Are you overwhelmed by your finances? You’re not alone. According to a recent survey by Capital One, more than three in four Americans—a whopping 77 percent!—feel anxious about their financial situation, particularly when it comes to saving enough for retirement, keeping up with the cost of living, and managing debt levels.
These kinds of financial stressors impact people in varying ways, but many Americans say these feelings consistently impact their day-to-day lives, interrupting sleep, making it hard to concentrate at work, and contributing to overall fatigue and burnout. This kind of stress is also linked to worse financial attitudes and practices. In fact, Americans who experience higher levels of stress are less likely to save on a regular basis, less likely to plan their spending, less likely to feel in control, more impulsive with how they spend their paycheck, and less likely to agree that success comes to those who work hard.
The good news: You don’t have to live with the anxiety that can send your finances spiraling even further. A simple attitude shift can make a huge difference. We like to call it your money mindset.
When it comes to your money mindset, you’re in control of the narrative. When you have a positive money mindset, you’re more likely to feel confident, energized, and in control. Likewise, those who manifest a positive money mindset are more likely to make sound financial moves.
Ready to improve your own mindset? Here’s how to get started:
1. Believe in Yourself
When you’re struggling financially, it may feel like you’re stuck in a rut you’ll never emerge from. But no matter how much debt you accumulate, remember: there’s always a way out. Though you may not be able to change your financial situation overnight, the right moves will take you one step closer to realizing your goal.
Trust yourself and the process. Take a hard look at your overall financial picture, set goals, and if you need to, start every day with a personal mantra, like “I can do this” or “I will be debt-free.”
2. Consider Your Values
What motivates you? Find your why—what’s the reason behind your biggest money goal? Why do you want to save or become debt-free? Is it to buy a house? To provide a better life for your kids? When you know what drives you, it’s easier to work towards your goals.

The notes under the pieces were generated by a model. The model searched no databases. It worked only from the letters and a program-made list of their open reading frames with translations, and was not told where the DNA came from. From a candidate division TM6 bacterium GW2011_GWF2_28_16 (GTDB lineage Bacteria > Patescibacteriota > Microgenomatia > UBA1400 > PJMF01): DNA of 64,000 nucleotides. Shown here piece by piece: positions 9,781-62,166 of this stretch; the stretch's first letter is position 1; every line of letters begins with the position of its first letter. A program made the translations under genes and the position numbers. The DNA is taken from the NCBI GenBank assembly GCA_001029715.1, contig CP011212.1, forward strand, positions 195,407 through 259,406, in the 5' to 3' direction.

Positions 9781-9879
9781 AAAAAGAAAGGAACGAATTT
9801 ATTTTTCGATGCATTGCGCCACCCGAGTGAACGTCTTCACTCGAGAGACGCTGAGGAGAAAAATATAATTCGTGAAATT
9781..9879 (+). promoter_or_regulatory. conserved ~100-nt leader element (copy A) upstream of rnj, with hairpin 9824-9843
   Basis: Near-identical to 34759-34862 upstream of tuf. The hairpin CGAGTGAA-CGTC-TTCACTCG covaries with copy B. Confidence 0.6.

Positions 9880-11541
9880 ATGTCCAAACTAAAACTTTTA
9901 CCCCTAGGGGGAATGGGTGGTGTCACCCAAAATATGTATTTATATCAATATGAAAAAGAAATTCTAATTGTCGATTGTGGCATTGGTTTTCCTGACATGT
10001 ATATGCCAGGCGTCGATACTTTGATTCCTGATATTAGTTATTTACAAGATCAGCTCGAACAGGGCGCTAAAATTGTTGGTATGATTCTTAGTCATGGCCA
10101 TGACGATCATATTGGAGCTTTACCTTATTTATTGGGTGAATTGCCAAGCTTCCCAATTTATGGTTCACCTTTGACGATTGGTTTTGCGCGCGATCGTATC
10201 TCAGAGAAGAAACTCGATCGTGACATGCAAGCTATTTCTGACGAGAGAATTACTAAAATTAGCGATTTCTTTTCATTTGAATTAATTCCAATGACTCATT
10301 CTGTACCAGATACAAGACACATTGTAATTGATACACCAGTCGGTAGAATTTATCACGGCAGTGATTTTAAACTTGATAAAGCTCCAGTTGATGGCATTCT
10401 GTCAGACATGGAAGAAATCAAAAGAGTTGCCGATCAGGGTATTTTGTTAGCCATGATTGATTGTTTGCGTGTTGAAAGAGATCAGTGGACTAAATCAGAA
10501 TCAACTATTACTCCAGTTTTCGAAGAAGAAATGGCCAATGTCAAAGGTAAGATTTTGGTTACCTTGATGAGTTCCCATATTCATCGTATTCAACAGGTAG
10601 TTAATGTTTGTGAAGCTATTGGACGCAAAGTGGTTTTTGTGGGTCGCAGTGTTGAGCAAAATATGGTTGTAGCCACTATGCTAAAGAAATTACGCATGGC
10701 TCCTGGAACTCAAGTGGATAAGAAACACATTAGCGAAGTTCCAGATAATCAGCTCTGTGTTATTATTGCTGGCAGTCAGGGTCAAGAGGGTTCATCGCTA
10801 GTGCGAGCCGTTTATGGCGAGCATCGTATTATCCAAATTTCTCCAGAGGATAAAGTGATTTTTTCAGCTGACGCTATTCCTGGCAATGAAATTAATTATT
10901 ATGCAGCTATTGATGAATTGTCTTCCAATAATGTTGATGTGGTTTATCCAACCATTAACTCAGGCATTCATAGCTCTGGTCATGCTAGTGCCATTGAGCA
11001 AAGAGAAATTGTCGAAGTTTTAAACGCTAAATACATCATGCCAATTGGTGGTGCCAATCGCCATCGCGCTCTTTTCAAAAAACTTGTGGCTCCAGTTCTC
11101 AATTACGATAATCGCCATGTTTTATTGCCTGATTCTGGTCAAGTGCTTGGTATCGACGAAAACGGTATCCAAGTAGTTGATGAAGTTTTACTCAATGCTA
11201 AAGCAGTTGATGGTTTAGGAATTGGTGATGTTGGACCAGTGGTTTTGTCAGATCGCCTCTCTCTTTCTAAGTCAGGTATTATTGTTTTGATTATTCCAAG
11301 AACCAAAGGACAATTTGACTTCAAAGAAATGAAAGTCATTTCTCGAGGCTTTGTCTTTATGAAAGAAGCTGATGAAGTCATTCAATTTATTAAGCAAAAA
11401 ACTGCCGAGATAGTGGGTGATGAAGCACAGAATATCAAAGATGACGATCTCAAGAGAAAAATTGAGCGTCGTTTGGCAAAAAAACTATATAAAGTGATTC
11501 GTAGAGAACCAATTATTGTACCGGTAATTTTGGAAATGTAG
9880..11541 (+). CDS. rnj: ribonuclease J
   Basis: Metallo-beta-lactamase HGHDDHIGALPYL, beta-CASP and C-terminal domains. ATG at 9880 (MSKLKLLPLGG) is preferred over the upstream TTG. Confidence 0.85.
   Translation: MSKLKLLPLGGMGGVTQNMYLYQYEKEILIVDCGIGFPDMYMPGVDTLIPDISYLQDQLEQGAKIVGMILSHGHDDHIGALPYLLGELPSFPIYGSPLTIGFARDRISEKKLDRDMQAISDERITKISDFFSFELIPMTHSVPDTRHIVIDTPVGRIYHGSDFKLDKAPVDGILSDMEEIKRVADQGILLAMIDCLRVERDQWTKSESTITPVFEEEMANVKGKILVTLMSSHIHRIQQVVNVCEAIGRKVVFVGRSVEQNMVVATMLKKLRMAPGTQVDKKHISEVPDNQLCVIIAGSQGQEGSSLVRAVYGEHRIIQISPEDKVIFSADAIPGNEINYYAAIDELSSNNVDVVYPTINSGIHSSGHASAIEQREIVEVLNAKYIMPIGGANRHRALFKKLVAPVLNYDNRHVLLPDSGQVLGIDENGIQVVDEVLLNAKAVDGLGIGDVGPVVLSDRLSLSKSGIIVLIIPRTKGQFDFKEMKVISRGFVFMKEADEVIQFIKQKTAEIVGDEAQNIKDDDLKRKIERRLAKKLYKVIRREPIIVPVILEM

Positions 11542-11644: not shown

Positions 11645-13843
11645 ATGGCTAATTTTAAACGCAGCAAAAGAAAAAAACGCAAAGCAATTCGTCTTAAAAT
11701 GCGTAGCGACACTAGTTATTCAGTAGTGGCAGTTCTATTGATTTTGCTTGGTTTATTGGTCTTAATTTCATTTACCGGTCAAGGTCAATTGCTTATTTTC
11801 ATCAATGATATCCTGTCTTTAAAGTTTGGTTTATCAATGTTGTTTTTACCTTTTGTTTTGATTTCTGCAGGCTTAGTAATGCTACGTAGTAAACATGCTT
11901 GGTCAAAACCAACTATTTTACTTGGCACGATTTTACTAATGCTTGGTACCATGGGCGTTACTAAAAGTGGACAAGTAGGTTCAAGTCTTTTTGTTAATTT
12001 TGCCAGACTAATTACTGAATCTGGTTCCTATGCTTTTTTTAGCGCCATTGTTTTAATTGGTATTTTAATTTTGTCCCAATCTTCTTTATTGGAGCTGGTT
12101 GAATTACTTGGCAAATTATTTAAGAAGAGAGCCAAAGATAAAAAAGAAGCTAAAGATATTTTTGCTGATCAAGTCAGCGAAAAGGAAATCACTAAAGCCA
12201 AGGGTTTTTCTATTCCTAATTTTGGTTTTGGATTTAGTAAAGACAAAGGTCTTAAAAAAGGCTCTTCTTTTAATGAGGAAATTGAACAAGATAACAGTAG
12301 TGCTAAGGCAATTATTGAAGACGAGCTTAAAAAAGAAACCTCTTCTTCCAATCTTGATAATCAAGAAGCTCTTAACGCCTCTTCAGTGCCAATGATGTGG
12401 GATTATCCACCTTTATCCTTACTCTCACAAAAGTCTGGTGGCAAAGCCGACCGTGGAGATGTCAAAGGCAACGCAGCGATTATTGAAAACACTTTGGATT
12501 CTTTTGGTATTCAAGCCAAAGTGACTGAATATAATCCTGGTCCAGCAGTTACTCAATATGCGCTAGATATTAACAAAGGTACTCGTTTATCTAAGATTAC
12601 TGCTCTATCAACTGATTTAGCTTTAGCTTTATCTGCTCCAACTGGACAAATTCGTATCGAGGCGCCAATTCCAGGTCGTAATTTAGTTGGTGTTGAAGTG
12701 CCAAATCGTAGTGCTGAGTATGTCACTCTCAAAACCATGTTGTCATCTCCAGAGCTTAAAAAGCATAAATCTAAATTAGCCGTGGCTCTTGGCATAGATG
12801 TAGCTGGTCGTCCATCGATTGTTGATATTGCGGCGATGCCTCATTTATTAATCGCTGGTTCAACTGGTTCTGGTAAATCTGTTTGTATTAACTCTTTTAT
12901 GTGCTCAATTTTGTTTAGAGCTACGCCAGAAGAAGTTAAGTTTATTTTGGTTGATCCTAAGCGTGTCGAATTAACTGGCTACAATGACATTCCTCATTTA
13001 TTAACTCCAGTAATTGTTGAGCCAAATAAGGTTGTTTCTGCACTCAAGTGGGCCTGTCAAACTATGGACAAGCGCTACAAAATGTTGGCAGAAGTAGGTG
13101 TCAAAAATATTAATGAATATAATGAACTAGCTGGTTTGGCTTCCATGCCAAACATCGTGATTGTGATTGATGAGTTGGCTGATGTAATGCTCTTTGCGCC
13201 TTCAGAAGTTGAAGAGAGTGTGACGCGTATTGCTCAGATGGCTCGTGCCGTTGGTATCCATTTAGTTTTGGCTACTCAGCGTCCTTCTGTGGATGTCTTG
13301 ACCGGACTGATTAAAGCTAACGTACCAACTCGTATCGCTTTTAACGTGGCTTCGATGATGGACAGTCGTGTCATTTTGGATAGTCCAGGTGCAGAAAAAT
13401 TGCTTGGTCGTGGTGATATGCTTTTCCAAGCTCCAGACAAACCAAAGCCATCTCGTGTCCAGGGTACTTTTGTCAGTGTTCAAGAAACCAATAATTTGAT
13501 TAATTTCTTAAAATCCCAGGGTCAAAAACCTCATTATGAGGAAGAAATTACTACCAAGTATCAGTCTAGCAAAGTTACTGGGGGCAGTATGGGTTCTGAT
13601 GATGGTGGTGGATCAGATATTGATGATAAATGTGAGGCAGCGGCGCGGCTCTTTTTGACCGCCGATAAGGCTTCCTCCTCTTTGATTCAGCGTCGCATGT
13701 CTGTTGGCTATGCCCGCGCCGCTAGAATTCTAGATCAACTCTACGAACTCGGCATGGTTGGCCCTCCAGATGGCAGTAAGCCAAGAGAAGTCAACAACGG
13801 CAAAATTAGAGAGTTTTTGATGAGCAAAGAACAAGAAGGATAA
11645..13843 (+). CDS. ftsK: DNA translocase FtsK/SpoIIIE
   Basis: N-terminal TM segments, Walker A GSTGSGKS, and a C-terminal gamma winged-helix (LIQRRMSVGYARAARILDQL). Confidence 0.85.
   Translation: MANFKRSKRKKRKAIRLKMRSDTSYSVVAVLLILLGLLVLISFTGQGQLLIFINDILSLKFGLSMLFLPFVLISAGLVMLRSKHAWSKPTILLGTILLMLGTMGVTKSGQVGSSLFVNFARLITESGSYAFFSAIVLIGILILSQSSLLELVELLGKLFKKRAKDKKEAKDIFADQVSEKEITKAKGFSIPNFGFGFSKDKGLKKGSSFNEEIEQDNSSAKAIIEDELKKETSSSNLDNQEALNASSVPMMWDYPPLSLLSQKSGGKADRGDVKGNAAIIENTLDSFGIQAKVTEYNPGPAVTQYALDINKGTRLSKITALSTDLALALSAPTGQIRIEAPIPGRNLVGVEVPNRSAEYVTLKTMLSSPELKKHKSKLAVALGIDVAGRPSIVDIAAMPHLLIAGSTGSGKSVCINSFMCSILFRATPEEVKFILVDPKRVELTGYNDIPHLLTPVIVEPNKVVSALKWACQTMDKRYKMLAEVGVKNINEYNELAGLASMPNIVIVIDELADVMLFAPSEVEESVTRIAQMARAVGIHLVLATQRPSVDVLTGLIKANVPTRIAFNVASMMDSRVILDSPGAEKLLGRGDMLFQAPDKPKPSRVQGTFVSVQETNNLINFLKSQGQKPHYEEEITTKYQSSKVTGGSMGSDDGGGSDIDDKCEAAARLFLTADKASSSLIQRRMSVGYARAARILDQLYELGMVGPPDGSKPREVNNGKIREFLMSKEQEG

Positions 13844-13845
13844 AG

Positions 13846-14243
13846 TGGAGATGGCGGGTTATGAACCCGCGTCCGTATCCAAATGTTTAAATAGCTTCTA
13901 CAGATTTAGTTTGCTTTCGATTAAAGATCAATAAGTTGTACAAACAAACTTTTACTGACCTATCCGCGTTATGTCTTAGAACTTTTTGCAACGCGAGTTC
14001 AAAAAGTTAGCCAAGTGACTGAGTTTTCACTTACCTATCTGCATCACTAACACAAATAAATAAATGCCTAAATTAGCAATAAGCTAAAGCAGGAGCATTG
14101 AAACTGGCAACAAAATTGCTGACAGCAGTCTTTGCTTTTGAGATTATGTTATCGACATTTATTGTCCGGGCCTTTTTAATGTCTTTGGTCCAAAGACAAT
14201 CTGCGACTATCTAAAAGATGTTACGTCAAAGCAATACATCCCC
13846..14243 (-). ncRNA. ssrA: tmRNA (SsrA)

3. Envision Your Ideal Future
Likewise, consider what you want most in life. Where do you see yourself in 5, 10, 15, or even 20 years? Do you want to purchase a home or send your kids to college without loans? Or maybe you’ve always dreamt of owning your own business? Huge milestone moments like these are big ticket items that typically require careful planning. When you know exactly what you need to do to get yourself to a place where you can realize these goals, you’ll be better equipped to make those ideals a reality.
4. Face Your Fears
Fear has the power to stop you in your tracks. And when it comes to money, common fears include fear of the unknown, fear of failure, and fear of change. It’s easier to coast through than face these fears, but when you face your anxieties head on, you open yourself up to possibility.
If you feel paralyzed by your own financial fears, make it a point to take small, manageable steps toward your goal. For example, if your goal is to save for a house, open a separate savings account and set up a direct deposit of even just $25 per month.
5.Check in With Yourself Regularly
At least once per quarter, set a formal check-in date. Where are you on the path toward your goals? Use your self check-in as a deadline of sorts. Celebrate any progress and reevaluate your plan if you’ve experienced any setbacks. And don’t forget: Celebrating your wins is just as important as making necessary adjustments.